Uganda has an amazing diversity of wildlife with around 500 mammal species, including the ‘big five’. Uganda’s biggest draw has to be Bwindi National Park, the natural habitat of the mountain gorilla where visitors can go gorilla trekking. In fact Uganda has about 340 gorillas which is more than half of the world’s mountain gorilla population as well as chimpanzees and some 1,000 bird species.
The Bwindi National Park has several gorilla trekking routes through the 331 square km forest. Also called the Impenetrable Forest, Bwindi presents a challenging adventure holiday with dense and steep terrain. All that hiking is soon forgotten though as you glimpse a gorilla in its natural environment.
Guide to Gorilla Trekking in Uganda
If your passion is travelling, camping, nature and spotting wildlife in their natural habitat, then a gorilla trekking expedition I Uganda would be the perfect trip for you. A gorilla tracking trip is perfect for the truly adventurous and the dedicated nature lover. But, where do you start to plan a trip of this calibre?
Uganda, if you have never ventured there is a beautiful and wild country. Why Uganda? Well certain wildlife species are on the endangered list and this includes the mighty gorilla. Uganda is surrounded by wild mountain ranges, scores of deep lakes and lush rolling hills.
Bwindi Impenetrable National Park
The Bwindi National Park in southwest Uganda is home to the critically endangered gorilla. In fact just over half of the remaining mountain gorilla population is estimated to reside in Bwindi, with around 340 gorillas here. Established in 1991, there are 4 main gorilla groups which tourists can explore within Bwindi; Mubare; Habinyanja; Rushegura and Nkuringo.
Walking safaris are available in the forest and are led by skilful, professional and knowledgeable rangers. And on such a safari visitors can get up close to these amazing creatures that share so much of our own DNA. Covering some 331 sq. km. (128 sq. mi) of thick jungle forests, Bwindi is designated a UNESCO World Heritage Site. In addition to the mighty gorilla, there are a further 120 mammal species, 350 bird species and more than 220 butterfly species in addition to various frogs and geckos.
Stay at accommodation right in the heart of the forest and prepare yourself for a long trek to spot these elusive creatures. One note of caution is that the cost of a gorilla permit is high and limited; in fact a permit can cost around 500 USD (check with your local operator) and should be booked at least 3 months in advance to avoid disappointment.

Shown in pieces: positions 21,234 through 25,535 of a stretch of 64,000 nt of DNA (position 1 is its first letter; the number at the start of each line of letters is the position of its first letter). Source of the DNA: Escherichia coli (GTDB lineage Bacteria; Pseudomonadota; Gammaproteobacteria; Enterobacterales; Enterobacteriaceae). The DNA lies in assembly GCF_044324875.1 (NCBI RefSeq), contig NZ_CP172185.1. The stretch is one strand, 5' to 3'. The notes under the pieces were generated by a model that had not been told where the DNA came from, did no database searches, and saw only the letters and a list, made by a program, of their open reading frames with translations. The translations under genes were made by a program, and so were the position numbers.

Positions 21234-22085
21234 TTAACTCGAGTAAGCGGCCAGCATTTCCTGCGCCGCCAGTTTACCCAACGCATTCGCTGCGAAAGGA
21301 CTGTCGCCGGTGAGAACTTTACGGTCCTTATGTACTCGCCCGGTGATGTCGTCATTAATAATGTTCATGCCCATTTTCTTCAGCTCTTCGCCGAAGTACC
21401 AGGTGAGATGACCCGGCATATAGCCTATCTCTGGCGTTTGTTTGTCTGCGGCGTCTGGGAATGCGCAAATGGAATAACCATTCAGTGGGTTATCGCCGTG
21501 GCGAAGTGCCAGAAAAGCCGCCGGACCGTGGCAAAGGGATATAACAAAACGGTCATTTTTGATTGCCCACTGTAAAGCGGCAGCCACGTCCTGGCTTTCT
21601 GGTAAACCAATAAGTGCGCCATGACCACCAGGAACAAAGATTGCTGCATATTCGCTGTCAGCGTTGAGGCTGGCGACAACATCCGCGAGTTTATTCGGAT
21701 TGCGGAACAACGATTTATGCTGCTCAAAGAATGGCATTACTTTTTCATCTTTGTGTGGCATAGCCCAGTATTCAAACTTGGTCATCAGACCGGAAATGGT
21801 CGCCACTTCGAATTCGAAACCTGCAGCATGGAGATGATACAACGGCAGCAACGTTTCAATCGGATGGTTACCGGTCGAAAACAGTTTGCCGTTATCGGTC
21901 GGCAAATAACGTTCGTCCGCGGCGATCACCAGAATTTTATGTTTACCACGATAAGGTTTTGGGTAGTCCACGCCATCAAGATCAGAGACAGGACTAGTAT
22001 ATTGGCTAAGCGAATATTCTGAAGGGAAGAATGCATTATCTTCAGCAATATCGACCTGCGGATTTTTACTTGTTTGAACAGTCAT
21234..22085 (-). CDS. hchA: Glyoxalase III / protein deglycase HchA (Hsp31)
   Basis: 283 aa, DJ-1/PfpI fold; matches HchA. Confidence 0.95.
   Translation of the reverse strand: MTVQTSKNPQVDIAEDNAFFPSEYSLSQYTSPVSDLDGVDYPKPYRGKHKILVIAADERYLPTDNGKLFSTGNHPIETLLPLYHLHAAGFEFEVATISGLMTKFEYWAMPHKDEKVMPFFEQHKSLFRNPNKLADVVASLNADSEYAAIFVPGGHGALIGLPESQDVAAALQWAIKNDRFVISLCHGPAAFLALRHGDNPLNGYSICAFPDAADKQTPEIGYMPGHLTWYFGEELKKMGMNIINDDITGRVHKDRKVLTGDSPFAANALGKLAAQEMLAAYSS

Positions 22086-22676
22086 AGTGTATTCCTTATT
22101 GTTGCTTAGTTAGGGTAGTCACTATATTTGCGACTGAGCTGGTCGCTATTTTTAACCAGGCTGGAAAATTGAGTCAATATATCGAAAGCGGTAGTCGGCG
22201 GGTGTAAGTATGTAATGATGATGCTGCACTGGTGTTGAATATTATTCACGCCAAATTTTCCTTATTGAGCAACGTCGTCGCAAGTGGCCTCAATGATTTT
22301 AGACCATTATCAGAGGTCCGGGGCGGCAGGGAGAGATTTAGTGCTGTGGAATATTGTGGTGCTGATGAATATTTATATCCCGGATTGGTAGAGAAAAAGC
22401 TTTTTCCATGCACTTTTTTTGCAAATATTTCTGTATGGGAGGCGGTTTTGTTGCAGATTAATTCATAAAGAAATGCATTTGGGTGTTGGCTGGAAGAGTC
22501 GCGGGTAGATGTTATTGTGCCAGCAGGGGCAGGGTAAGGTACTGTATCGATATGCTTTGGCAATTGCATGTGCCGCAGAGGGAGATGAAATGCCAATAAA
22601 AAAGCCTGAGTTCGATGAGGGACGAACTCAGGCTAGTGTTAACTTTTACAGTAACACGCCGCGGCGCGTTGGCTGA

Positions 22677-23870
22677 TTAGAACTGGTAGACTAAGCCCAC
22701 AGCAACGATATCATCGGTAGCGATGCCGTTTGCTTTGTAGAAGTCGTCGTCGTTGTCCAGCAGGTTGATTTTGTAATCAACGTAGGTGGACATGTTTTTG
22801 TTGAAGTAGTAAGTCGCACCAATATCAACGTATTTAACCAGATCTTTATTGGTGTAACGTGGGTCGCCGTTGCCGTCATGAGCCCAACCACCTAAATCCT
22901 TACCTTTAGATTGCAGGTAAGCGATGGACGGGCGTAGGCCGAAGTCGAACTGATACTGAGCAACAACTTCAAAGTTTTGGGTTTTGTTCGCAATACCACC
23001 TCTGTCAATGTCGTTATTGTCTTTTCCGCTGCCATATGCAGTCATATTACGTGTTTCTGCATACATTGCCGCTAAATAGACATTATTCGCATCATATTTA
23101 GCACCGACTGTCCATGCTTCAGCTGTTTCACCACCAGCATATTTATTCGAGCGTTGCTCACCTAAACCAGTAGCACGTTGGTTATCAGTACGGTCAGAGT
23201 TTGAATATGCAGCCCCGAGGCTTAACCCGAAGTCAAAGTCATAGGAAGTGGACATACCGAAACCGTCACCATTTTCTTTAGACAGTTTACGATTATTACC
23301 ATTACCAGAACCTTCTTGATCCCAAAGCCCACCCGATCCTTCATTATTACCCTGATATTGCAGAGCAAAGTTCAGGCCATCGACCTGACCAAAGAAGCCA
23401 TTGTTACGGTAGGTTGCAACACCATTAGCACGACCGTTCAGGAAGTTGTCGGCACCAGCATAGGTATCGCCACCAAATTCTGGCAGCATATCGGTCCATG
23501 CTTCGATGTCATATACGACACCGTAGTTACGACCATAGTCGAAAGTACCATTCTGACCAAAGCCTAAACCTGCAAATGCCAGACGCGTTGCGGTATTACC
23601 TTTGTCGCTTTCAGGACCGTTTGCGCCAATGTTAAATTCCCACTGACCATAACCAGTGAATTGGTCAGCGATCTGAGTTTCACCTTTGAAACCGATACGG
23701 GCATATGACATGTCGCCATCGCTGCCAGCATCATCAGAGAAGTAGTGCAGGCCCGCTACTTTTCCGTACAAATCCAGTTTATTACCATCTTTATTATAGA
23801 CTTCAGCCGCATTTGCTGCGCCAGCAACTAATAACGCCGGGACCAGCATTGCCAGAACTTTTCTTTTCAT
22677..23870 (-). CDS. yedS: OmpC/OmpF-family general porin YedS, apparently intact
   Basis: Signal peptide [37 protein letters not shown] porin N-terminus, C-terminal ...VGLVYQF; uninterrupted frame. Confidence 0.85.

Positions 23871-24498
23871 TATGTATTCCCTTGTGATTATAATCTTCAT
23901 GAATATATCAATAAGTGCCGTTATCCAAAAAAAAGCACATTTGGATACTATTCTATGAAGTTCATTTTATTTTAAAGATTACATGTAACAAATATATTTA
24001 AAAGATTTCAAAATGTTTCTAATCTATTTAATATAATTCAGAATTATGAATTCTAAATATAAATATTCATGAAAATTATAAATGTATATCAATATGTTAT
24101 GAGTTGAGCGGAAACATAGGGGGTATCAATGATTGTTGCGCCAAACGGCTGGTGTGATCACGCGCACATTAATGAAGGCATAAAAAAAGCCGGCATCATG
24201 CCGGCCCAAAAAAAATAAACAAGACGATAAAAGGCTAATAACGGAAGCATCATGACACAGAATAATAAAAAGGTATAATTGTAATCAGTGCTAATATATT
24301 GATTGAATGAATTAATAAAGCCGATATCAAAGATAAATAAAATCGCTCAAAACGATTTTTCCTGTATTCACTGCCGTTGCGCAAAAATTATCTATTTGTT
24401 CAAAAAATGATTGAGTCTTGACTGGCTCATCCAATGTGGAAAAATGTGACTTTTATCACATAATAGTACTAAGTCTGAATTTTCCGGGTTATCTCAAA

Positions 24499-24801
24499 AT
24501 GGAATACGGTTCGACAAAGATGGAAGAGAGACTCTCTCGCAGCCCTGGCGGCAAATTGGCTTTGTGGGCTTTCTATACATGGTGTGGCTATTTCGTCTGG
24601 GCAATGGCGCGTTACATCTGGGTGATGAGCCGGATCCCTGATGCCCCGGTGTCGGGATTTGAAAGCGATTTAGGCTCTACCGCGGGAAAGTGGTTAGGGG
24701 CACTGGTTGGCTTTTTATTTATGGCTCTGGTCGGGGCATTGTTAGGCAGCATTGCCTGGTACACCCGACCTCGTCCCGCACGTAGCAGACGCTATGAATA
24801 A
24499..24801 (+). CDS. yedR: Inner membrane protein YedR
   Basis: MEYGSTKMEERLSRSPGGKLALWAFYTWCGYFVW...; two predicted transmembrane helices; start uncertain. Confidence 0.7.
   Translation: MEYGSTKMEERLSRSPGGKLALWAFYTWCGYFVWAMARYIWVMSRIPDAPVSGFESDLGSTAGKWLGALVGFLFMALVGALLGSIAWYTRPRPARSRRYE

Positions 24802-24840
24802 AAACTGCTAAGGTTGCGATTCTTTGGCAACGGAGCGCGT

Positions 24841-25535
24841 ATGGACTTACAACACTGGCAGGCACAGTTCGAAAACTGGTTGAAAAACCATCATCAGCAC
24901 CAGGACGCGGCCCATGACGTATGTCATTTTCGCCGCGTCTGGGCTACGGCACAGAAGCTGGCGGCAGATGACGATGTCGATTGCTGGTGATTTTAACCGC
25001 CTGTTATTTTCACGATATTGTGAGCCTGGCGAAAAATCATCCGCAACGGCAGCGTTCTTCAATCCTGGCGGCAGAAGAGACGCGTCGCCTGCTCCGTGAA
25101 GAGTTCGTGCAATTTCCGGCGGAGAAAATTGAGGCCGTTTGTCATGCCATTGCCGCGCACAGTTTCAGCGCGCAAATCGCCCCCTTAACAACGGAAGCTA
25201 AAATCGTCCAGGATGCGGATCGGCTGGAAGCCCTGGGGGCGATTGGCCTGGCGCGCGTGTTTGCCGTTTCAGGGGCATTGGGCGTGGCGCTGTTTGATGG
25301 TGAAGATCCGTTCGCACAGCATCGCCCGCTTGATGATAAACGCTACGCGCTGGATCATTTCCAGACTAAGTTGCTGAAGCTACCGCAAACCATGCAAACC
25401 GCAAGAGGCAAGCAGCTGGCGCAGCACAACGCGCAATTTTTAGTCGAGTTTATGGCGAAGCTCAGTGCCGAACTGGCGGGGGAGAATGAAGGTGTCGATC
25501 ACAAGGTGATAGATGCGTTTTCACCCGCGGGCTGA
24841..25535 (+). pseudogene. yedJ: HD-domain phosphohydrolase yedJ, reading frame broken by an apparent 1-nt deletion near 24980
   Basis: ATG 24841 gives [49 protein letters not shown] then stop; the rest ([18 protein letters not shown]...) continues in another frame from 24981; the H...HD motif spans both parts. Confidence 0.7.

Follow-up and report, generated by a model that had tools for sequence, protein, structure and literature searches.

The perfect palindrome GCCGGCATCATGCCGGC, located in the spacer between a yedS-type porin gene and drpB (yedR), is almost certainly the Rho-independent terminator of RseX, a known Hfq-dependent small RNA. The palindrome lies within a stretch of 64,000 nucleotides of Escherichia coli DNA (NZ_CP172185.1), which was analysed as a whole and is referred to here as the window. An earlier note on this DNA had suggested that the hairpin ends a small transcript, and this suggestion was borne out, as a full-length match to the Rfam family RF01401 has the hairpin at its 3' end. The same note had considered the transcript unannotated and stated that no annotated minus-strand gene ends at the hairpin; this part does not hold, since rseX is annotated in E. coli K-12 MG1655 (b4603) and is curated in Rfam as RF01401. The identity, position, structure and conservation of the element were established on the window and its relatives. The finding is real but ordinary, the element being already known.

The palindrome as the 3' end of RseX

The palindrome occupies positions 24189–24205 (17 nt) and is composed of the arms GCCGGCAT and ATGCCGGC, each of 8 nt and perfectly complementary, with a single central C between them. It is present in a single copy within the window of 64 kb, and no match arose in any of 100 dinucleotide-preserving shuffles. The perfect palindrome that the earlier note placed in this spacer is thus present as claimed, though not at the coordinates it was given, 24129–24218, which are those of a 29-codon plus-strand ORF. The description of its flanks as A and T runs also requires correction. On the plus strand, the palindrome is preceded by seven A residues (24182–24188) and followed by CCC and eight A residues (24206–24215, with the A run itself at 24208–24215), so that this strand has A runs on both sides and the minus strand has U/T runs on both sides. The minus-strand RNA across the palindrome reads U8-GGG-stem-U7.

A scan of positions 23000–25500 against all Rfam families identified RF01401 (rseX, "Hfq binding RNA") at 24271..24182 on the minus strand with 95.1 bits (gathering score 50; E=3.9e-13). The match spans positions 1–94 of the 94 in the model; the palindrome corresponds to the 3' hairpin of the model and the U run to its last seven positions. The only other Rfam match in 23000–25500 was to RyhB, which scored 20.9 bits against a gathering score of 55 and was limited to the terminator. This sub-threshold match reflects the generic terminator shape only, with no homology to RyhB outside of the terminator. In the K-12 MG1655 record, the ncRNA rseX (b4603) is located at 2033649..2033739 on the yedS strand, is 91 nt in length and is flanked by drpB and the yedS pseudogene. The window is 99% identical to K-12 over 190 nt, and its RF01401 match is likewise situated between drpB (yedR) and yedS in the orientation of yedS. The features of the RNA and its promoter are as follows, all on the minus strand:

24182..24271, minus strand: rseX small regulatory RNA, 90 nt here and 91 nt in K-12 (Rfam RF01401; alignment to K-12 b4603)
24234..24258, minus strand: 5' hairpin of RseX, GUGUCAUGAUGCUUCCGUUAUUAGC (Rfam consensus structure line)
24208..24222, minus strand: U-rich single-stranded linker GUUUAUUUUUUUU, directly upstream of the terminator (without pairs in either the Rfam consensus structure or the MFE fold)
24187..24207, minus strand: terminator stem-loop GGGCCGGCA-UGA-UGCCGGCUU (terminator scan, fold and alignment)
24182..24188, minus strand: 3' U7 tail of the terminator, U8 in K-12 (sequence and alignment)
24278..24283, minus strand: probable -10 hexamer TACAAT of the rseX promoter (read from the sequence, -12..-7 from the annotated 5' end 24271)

Kibale National Park
Another notable wildlife destination is the Kibale Forest National Park in southern Uganda which covers 776 sq. km. (300 sq. mi). Established in 1993 Kibale is connected with the Queen Elizabeth National Park to provide one large protected area. This area is important as both an eco travel and a safari destination, with travellers drawn to the local primate population.
In fact there are 13 different primate species resident in the Kibale National Park including the chimpanzee. There are also the Ugandan Mangabey, Black Colobus, Ugandan Red Colobus, Blue Monkey and the L’Hoest’s Monkey. Local elephants also travel between the Queen Elizabeth NP and Kibale. Other resident mammal species include lion, leopard, bushpigs, buffalo, duikers and warthogs. Kibale is also a bird lover’s paradise with 325 different species here including pittas, long-tailed cuckoo and the African Grey Parrot.
Trekking consists of multi-day hiking trips either in a private group or as part of a small group. Travel with a local experienced guide who will be able to point out the local wildlife and guide you safely around. Trekking can include rock climbing and backpacking. Trekking will allow hikers the rare opportunity to come face to face with nature and the beauty it holds.